Though rarely employed, the amputated segment may be temporarily banked if a patient’s critical condition or complex injury at the proximal stump precludes immediate replantation. Godina et al.[23] first described this method in 1986 for the ectopic implantation and subsequent replantation of an amputated hand. This technique allows for expeditious temporary salvage of the amputated segment as only skin and vascular reconstruction need be undertaken[24]. Recipient vessel site choice is crucial and must be well outside the zone of injury. Though Godina initially favored the thoracodorsal artery at the axilla as the recipient vessel in banking, microsurgeons have generally shifted their preference to the contralateral distal radial artery. This allows for ease of serial debridement and physical therapy of the ectopic segment. Further, the contralateral radial artery can be reconstructed with a vein graft at the same time as the replant, decreasing operative time[24]. The banked segment should be replanted as soon as possible, preferably within 1-2 weeks. This allows for a more stable position for the segment and for nerves and tendons to be repaired rapidly[24,25]. When the ectopic segment is harvested, the previous anastomosis should be preserved. A significant amount of the length of the recipient vessel should be taken to avoid the zone of injury during replantation[24].

Secondary procedures

Secondary procedures are commonplace following upper extremity limb replantation. Fufa et al.[26] described a series of patients that underwent an average of three secondary procedures. Axelrod et al.[19] demonstrated an average of 4.2 secondary procedures per patient. Prior to any attempts, patients should understand the arduous road of replantation, including the need for multiple reconstructive surgeries to improve functional results. Secondary procedures commonly include soft tissue coverage with vascularized flaps, free functioning muscle transfer, tenolysis, tendon transfer, and nerve grafts[6,19,26,27]. Certain secondary procedures are more common depending on the location of the replantation as well as the mechanism of amputation sustained.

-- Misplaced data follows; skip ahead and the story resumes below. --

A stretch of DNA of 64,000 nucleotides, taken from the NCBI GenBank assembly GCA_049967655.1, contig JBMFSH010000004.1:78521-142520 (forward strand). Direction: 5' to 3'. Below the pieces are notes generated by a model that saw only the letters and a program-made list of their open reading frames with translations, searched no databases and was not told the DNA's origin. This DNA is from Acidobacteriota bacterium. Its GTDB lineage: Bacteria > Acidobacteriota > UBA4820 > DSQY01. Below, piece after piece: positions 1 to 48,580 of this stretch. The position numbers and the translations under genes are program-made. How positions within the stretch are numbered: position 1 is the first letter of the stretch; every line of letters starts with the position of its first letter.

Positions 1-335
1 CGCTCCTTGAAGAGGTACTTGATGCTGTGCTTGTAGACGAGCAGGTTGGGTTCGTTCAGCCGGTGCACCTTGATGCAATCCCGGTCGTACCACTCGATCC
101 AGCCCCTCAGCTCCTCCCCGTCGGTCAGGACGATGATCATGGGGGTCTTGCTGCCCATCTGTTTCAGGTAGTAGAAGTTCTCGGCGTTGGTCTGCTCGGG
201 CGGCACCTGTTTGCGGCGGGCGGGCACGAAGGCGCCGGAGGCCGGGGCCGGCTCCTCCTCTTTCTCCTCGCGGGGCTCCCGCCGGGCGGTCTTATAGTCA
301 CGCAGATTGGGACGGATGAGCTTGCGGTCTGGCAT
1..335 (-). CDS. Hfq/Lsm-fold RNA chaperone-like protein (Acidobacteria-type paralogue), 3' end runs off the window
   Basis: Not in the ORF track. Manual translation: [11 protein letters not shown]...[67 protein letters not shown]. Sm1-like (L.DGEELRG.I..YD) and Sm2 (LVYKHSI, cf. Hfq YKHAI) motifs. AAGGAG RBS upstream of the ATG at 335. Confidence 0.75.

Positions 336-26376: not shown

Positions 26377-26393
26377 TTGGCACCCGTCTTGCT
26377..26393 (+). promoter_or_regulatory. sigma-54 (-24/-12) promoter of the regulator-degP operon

Distal and wrist level amputations commonly require tenolysis to improve range of motion, while proximal-level amputations often require soft tissue coverage due to high intensity mechanisms of injury typically sustained at this amputation level[27]. Soft tissue coverage may include skin grafting or vascularized tissue transfer; however, flaps are typically preferred as skin grafts may cause contracture limiting muscle excursion[26,27].

Free functioning muscle transfer is an important secondary procedure commonly performed in avulsion injuries of the forearm and elbow. Avulsion injuries of this area severely disrupt the long flexor and extensor tendons of the hand. These tendons may be too damaged for direct repair and essential musculature may be removed after thorough debridement. When tendon transfers are not an option, the replanted limb can suffer severely diminished functional capacity, requiring free functional neurotized muscle transfer[26,27].


Intraoperative and post-operative anticoagulation therapy are controversial topics among microsurgeons performing replantation. Ideally, the goals of anticoagulation for microvascular anastomoses are to prevent thrombosis and improve vascular patency by decreasing platelet function, increasing blood flow or decreasing blood viscosity, and counteracting the effects of thrombin on platelets and fibrinogen[28,29]. However, these effects may also lead to undue complications such as hemorrhage or hematoma which may further compromise the vascular anastomoses within replants[28,30].